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Frankly, My Dear, Mark Leyner Doesn't Give A Damn

Gone With The Mind

by Mark Leyner

Hardcover, 250 pages |


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Gone With The Mind
Mark Leyner

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"Ever since I was a little boy, I've been trying to reconcile constructivist aesthetics and fascist metaphysics...lucidity and violence...and the endless implications of that dichotomy."

That's Mark Leyner, ladies and gentlemen. One of the best, the brightest, the weirdest and the most influential modern writers of, say, 1996. Who once shared a stage (a talk-show set, actually, on the Charlie Rose show) with David Foster Wallace and Jonathan Franzen and didn't just hold his own, but schooled them both on the futility of seriousness and the seriousness of sentence structure.

He's the man who wrote My Cousin, My Gastroenterologist (in 1990) which blew the minds of anyone who was in the right place to run across the book and the right age and temperament to have their minds blown. I was, absolutely, of that age and temperament. He wrote Et Tu, Babe a couple years later, and I Smell Esther Williams after that — both of which were just as full-bore crazy and just as ridiculously beautiful on a line-by-line basis. He disappeared for a while. Came back. And now, this.

"I think I'm sort a sort of weird composite of thrill-seeking heedlessness and crippling hyperanxiety — I mean, I've taken LSD before a root canal, but I'm equally capable of calling the police and area hospitals if my wife is even five minutes late coming home from a pedicure, so..."

Gone With The Mind is Leyner's new novel. A novel that is, by turns, autobiographical, fictional, touching and just flat-out insane. It takes the form of a writer named Mark Leyner giving a reading in a mall food court — one to which no one has shown up except for two fast-food employees on their break, and Mark's mom, who arranged the reading and drove him there. Who begins the book with a long, rambling, introduction, transcribed verbatim (as is everything else that happens — there is no narrator, just some passing, italicized notes that read almost like stage directions) and run on forever. So long that you get that it's a joke, then get annoyed by the joke, then come to a place of grudging respect for the author for his commitment to the gag, then get annoyed all over again. And then it ends. Then Mark's opening remarks begin.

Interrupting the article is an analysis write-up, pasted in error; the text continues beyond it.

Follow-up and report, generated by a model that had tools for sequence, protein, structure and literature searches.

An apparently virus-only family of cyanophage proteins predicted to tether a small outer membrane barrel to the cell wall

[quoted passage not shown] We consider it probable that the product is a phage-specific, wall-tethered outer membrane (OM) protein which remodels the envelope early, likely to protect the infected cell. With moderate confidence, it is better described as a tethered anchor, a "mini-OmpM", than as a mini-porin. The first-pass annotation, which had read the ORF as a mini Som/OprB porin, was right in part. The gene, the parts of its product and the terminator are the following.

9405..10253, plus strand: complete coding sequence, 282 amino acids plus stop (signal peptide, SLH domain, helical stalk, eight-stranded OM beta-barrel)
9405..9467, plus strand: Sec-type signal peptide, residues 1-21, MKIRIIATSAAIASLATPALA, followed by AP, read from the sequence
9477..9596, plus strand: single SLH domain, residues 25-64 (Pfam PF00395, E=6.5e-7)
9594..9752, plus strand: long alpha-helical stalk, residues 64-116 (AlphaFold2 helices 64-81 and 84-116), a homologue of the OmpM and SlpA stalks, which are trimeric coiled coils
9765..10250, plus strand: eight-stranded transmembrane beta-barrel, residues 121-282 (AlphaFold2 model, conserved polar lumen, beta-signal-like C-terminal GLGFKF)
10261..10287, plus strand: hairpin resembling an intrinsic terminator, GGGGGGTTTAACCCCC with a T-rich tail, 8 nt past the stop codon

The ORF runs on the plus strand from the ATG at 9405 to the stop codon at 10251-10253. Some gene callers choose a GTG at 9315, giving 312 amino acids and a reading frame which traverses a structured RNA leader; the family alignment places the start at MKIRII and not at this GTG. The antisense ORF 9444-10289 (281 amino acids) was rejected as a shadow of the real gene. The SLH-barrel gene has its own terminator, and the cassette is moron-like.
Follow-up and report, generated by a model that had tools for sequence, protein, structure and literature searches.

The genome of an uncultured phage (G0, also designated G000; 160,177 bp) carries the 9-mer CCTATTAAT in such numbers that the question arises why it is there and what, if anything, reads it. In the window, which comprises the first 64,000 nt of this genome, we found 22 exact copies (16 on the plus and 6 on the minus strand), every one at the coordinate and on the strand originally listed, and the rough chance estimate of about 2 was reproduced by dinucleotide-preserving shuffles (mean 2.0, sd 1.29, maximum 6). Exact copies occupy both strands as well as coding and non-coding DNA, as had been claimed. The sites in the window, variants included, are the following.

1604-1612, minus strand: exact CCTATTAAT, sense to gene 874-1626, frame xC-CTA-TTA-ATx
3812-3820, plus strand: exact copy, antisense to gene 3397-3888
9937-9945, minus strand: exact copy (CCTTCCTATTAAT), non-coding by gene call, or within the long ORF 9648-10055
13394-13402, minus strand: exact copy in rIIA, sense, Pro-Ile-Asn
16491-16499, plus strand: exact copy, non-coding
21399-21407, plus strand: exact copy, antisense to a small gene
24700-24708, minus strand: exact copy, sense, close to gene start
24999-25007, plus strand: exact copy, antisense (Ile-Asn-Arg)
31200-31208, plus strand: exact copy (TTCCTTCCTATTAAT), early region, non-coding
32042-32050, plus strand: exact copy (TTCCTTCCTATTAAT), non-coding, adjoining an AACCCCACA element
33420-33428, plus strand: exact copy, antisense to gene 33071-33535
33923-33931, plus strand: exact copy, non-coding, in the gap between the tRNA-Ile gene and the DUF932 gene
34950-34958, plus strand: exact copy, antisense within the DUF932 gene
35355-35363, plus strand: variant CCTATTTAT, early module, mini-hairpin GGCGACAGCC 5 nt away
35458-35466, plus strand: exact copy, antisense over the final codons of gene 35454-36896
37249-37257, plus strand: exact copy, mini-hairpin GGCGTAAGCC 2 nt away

He tells the story of the writing of his autobiography, Gone With The Mind, which was originally going to be done in the form of a videogame — a first-person shooter with Benito Mussolini as the player's sidekick-slash-guide — and then became something else entirely. He talks about the hallucination who helped him write the book (the Imaginary Intern, brought to life one day from a pattern of cracks in the bathroom tile and who Mark grew to love) and the various ways the two of them spent their time (playing videogames, watching Lifetime movies, watching internet porn) and relates 10,000 stories from his childhood (some or all of which may or may not be true), all while constantly promising to the audience of empty chairs, his mom and two fast-food workers, that at any moment the reading itself is actually going to begin.

Except that it never does.

Gone With The Mind is novelistic anti-autobiography. It's filling this imaginary headspace—this world within the world—with robots and ghosts, with memories of summers at the Jersey Shore and the web-fingered girl who gave him his first handjob, long digressions on the eroticism of the female armpit, get the idea.

"If I were ever asked to give a commencement speech," Leyner writes, as Mark Leyner, "I'd say basically, they're all gonna laugh at you. Life is pretty much like Carrie's prom. So...stay secret."

I loved the thing. All of it. Or anyway, 90% of it. It is looping and self-referential, alternately bonkers and manic and depressive. The same stories repeat again and again, looked at from different angles. And it ends with a promised Q&A section, but even that takes place in a women's bathroom stall, exclusively between Mark and his mom, that reads almost heartbreakingly sweet. Weird and heartfelt both at the same time. Which there should be a word for, but there isn't, so I'm making up one of my own: Weirdfelt. Because that's what Gone With The Mind truly is.

The most Weirdfelt book I have read in a long time.

Jason Sheehan is an ex-chef, a former restaurant critic and the current food editor of Philadelphia magazine. But when no one is looking, he spends his time writing books about spaceships, aliens, giant robots and ray guns. Tales From the Radiation Age is his latest book.